The responses to the last post on the Rideau Canal Skateway season changes were interesting, and led to a few pointers to additional data sets that show similar trends and some rather odd counter-points from the usual suspects.
The most comprehensive (and up-to-date) set of “ice out” data for lakes is, unsurprisingly perhaps, from the Dept. of Natural Resources in Minnesota. Data (sometimes patchy) goes back in places to the 19th Century. The earliest data is for Lake Pepin starting in 1843. By 1900, there are a further 6 lakes with data: Clear, Christmas, Minnetonka, Osakis, Sagatagan, and Shields.
Figure 1: The seven longest data sets of Minnesotan lake “ice out” dates (with data back to at least 1900). Ice out date is shown relative to the vernal equinox (see below for details). Red lines are loess ~30yr smooths.
One commentator on twitter made a point of picking out Lake Minnetonka, and noting that the earliest ice out date on record was in 1878, as if that negated any of the long term trends there or elsewhere. It is however quite interesting to look into data from that year. Pepin, Osakis and Clear had huge anomalies that year, and estimates of regional temperature show a very warm winter that has only recently been matched. Given the standard deviation in the residuals (about 10 days), the 30+ day earlier ice out was a massive anomaly (more than 3) and was noticed and commented on at the time. Contemporary reports from Minneapolis described it the “Year without a Winter”. But one warm winter does not a trend make, and the trends in almost all the lakes are clearly towards an earlier ice out over the last 40 years. Given the interannual variability though, you still need a multiple decades to significantly detect a trend of 10 days or so per century.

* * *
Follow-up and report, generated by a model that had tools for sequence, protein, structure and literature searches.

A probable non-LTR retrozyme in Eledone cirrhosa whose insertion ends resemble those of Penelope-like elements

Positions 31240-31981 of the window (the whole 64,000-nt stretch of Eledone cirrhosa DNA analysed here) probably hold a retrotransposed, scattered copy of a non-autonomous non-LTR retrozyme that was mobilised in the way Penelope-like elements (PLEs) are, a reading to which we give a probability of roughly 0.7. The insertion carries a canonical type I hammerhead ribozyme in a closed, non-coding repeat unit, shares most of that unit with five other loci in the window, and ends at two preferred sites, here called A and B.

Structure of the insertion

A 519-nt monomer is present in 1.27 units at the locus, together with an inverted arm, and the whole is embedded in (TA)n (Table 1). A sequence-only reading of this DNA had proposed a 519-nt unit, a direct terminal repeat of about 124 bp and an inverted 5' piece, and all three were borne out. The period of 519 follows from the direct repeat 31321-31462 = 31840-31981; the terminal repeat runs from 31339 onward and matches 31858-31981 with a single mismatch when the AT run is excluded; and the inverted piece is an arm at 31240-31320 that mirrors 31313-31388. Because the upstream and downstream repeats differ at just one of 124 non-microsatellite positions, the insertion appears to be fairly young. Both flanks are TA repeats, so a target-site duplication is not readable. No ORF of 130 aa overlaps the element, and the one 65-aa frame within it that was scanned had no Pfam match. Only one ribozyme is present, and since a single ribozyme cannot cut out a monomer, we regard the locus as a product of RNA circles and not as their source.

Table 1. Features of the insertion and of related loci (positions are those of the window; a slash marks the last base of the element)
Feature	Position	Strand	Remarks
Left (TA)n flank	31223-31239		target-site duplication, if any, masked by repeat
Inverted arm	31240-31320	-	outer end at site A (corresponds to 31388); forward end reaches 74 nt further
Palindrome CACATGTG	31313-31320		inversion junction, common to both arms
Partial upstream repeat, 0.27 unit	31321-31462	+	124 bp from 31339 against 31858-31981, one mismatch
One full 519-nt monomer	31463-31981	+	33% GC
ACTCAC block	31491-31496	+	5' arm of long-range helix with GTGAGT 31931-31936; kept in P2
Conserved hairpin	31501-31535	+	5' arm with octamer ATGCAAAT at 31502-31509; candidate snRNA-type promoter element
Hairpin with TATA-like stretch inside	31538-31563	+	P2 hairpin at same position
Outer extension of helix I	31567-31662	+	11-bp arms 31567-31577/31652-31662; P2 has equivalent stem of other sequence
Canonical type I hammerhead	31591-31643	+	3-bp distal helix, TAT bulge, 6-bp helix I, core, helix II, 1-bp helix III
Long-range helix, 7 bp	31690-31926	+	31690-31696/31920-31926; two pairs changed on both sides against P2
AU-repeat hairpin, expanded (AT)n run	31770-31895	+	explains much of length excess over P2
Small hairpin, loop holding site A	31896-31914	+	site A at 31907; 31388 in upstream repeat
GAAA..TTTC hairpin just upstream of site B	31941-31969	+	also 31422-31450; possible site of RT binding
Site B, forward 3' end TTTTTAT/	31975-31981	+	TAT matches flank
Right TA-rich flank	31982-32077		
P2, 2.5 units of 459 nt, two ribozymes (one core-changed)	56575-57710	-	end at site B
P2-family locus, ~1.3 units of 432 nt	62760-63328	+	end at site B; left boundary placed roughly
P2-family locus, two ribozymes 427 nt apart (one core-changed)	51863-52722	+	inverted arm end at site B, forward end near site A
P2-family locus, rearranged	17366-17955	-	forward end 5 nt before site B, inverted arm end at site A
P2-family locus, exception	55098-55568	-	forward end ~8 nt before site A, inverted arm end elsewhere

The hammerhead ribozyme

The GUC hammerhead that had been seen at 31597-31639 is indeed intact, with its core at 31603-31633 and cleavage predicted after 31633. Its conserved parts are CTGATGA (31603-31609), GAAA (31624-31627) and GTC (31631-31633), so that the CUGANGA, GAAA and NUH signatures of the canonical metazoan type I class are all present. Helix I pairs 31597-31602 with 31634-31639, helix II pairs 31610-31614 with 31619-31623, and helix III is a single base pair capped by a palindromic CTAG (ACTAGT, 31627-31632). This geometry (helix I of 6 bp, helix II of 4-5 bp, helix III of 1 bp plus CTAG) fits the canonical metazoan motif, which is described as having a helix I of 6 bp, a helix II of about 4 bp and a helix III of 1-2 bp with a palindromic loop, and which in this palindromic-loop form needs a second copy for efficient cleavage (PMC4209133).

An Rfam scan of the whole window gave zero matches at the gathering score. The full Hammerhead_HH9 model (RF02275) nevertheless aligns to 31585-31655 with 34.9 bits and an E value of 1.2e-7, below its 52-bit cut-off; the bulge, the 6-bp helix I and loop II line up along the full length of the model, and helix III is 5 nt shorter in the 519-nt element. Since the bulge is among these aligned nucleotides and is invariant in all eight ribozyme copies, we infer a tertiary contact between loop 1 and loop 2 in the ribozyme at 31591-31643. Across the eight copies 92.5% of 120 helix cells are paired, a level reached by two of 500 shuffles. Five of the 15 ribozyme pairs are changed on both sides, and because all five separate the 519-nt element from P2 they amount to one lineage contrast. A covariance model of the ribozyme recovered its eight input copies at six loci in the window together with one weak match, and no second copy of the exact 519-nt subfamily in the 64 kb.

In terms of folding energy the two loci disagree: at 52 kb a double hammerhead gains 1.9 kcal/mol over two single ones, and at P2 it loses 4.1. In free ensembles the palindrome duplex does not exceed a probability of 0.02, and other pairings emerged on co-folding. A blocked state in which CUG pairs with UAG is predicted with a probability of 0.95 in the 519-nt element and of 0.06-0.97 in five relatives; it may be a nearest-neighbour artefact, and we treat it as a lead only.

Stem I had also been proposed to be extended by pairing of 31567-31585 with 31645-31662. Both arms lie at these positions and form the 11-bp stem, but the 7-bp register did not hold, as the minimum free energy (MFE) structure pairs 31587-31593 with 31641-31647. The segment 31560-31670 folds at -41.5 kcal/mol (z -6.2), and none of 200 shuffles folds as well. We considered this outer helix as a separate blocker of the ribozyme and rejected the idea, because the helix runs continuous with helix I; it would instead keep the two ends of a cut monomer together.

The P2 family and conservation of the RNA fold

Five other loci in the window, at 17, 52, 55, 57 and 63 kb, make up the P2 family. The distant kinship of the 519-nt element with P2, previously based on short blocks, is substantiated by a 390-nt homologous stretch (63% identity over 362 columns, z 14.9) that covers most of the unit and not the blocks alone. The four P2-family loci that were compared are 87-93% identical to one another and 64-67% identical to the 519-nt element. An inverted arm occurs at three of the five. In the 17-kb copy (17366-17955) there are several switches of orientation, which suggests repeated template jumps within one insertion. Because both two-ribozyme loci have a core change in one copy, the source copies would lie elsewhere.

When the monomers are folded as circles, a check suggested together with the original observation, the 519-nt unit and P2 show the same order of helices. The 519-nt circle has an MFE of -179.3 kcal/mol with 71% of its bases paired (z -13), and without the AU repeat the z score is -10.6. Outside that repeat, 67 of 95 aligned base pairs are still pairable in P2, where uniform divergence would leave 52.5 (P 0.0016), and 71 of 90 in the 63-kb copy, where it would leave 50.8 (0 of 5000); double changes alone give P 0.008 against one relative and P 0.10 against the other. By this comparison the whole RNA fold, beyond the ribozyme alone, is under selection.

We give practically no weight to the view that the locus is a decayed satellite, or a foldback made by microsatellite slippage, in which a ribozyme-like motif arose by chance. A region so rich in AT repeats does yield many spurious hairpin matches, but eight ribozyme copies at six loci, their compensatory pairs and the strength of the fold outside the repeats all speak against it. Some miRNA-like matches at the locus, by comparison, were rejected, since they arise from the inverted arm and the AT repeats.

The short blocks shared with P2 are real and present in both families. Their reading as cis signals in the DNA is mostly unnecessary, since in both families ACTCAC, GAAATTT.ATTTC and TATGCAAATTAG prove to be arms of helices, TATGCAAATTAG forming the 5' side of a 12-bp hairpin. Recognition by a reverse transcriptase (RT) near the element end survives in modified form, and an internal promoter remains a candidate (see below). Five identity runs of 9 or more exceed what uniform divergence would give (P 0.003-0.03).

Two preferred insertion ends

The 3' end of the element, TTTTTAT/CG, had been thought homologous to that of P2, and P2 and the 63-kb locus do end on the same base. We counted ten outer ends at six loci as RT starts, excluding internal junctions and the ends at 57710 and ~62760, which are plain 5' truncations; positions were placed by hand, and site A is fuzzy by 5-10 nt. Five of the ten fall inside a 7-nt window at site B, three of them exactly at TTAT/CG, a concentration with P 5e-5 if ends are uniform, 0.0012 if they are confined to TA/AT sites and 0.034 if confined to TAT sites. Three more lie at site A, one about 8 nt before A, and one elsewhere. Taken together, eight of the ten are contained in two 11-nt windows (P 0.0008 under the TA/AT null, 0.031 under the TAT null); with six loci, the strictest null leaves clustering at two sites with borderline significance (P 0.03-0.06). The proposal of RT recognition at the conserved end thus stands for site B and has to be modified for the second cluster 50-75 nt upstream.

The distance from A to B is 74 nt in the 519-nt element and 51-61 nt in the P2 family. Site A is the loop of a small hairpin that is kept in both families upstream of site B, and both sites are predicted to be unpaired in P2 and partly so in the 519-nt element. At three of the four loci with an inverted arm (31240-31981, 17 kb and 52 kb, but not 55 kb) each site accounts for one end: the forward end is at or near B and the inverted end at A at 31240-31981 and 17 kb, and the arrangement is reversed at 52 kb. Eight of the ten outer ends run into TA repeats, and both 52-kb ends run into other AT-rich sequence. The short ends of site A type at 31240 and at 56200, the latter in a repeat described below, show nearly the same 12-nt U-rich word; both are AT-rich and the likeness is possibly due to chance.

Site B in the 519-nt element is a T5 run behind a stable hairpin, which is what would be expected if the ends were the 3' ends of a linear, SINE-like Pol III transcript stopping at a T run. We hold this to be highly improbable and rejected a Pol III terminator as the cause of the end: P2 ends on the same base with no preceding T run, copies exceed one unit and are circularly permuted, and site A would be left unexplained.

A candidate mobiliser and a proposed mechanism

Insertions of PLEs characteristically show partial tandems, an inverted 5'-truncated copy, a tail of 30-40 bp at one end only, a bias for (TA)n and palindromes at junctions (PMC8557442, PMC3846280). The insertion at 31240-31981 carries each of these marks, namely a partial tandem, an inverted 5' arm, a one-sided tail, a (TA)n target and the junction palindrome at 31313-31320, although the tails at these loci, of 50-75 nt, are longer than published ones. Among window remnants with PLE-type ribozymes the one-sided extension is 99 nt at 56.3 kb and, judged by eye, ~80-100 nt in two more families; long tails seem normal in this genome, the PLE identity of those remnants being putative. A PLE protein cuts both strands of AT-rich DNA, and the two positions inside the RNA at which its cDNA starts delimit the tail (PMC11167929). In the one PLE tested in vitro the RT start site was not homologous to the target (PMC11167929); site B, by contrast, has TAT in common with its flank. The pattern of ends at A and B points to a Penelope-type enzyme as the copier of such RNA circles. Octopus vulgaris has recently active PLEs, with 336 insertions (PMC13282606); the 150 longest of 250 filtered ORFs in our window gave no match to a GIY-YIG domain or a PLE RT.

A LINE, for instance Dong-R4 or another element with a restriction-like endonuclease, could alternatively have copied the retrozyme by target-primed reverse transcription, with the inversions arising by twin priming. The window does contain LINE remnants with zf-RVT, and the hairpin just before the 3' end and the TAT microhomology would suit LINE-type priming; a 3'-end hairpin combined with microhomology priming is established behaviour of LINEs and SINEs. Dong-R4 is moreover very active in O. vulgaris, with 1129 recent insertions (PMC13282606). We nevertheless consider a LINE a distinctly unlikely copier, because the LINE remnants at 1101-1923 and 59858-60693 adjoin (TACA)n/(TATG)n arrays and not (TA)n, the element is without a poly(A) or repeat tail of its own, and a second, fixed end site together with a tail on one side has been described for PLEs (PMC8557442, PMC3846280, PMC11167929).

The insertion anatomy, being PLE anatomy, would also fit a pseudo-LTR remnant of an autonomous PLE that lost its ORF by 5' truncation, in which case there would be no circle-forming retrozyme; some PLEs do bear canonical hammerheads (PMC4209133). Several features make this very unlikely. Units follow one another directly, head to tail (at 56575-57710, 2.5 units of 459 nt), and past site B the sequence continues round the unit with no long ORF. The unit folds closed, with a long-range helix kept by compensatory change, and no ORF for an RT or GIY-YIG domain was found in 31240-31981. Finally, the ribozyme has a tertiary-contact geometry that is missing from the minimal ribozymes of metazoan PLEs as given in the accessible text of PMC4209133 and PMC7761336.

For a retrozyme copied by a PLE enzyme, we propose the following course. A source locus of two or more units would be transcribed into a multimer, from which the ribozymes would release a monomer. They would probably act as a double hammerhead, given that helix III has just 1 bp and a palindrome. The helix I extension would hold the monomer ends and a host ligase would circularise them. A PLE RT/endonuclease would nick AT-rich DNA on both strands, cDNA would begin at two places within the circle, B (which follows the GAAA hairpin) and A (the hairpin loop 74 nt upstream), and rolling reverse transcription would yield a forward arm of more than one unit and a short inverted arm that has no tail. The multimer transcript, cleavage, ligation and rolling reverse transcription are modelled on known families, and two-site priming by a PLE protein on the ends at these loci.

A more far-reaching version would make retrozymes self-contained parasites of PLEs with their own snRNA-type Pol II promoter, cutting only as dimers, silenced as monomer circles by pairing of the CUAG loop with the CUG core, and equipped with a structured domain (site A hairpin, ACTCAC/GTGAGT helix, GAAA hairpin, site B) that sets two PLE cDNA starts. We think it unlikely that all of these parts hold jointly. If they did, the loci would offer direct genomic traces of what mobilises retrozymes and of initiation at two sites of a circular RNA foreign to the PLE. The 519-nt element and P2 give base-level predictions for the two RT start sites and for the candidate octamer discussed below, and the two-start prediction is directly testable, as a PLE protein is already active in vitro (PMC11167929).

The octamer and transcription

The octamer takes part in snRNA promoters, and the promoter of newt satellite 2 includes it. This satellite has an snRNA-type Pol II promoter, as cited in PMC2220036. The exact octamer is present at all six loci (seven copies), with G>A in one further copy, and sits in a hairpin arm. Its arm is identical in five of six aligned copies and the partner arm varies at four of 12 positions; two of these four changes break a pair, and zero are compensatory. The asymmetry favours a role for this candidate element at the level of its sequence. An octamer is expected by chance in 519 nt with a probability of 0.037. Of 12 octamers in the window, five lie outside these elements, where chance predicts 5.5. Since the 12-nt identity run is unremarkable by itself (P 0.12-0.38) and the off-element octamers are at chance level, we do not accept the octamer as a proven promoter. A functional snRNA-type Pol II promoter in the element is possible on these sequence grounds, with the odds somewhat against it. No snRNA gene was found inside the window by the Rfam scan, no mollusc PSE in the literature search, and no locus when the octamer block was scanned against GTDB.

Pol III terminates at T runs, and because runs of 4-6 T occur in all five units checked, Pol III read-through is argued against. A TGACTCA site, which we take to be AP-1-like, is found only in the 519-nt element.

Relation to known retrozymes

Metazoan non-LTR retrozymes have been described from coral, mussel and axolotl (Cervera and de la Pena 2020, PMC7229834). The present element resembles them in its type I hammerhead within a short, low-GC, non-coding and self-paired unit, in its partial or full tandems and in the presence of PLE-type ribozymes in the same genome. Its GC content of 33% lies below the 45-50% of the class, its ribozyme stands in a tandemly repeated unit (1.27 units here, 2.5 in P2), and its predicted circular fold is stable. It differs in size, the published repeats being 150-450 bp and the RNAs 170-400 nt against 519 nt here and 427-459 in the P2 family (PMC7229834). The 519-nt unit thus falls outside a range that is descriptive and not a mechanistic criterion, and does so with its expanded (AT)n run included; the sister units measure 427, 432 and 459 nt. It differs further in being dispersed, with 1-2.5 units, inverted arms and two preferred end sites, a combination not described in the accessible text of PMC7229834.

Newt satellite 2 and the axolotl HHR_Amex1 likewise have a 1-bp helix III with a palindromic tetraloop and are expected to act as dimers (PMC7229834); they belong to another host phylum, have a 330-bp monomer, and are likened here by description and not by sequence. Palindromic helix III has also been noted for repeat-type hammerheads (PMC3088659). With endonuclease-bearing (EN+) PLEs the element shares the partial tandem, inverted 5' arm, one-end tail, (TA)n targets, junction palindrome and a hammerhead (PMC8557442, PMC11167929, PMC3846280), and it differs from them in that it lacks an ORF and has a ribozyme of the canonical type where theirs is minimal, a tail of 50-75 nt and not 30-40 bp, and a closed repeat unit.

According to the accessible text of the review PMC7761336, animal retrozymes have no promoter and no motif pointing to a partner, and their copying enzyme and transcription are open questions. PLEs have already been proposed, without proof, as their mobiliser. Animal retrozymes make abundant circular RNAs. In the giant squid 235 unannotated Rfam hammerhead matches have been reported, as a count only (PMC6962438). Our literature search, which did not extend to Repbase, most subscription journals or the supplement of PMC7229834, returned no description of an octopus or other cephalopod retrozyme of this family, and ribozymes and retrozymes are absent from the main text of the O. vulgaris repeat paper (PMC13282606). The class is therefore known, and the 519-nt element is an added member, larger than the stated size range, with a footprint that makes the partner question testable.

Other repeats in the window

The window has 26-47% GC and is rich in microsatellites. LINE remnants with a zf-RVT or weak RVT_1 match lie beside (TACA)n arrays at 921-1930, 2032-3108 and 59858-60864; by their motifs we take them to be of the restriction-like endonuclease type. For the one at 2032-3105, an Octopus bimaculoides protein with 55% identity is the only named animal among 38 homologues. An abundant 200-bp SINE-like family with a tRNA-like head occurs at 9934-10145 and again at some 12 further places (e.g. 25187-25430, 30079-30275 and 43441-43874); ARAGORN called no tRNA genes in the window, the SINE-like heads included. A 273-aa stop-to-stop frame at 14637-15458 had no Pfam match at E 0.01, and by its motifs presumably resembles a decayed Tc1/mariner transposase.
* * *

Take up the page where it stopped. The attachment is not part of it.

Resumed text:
Other North American lakes
There are good data sets for dozens of other lakes in North America, notably ice duration from Lakes Mendota and Monona in Wisconsin. Note that ice duration is slightly less noisy dataset than ice out.
These data are nominally collated by the Global Lake and River Ice Phenology Database, but it isn’t that up-to-date, though it does include a lot of long records from Europe.
One other notable lake is Lake Winnipesaukee in NH (h/t David Appell), which has records from 1887 and a betting pool.
Dutch skating days
One reader pointed me to a graph of declining “schaatsdagen” (skate days) at De Bilt in the Netherlands made by Bart Vreeken. There is a partial dataset online, but I’m not really clear on the provenance of the data or how it was calculated.
Note on accounting for calendrical anomalies
Because of the fact that the orbital period of the Earth around the sun is not an integer number of days, the astronomical “seasons” move around a little in the calendar. Thankfully, it doesn’t move around quite as much since the adoption of the Gregorian Calendar, but on short timescales (< 500 years) the impacts of leap years and the variation of the vernal equinox can alias climatic trends. The VE is normally either the 20th or 21st of March, though this century will have a few years with the VE on March 19th as well (calculations are here). Records which are based on calendrical dates (such as ice on, or ice out) therefore have a little noise in them just because of this. So for ease of comparison, in my plots I generally show the number of days from the vernal equinox to account for it. This is a small correction and in general doesn’t make any noticeable difference, though it can affect the rankings of individual years.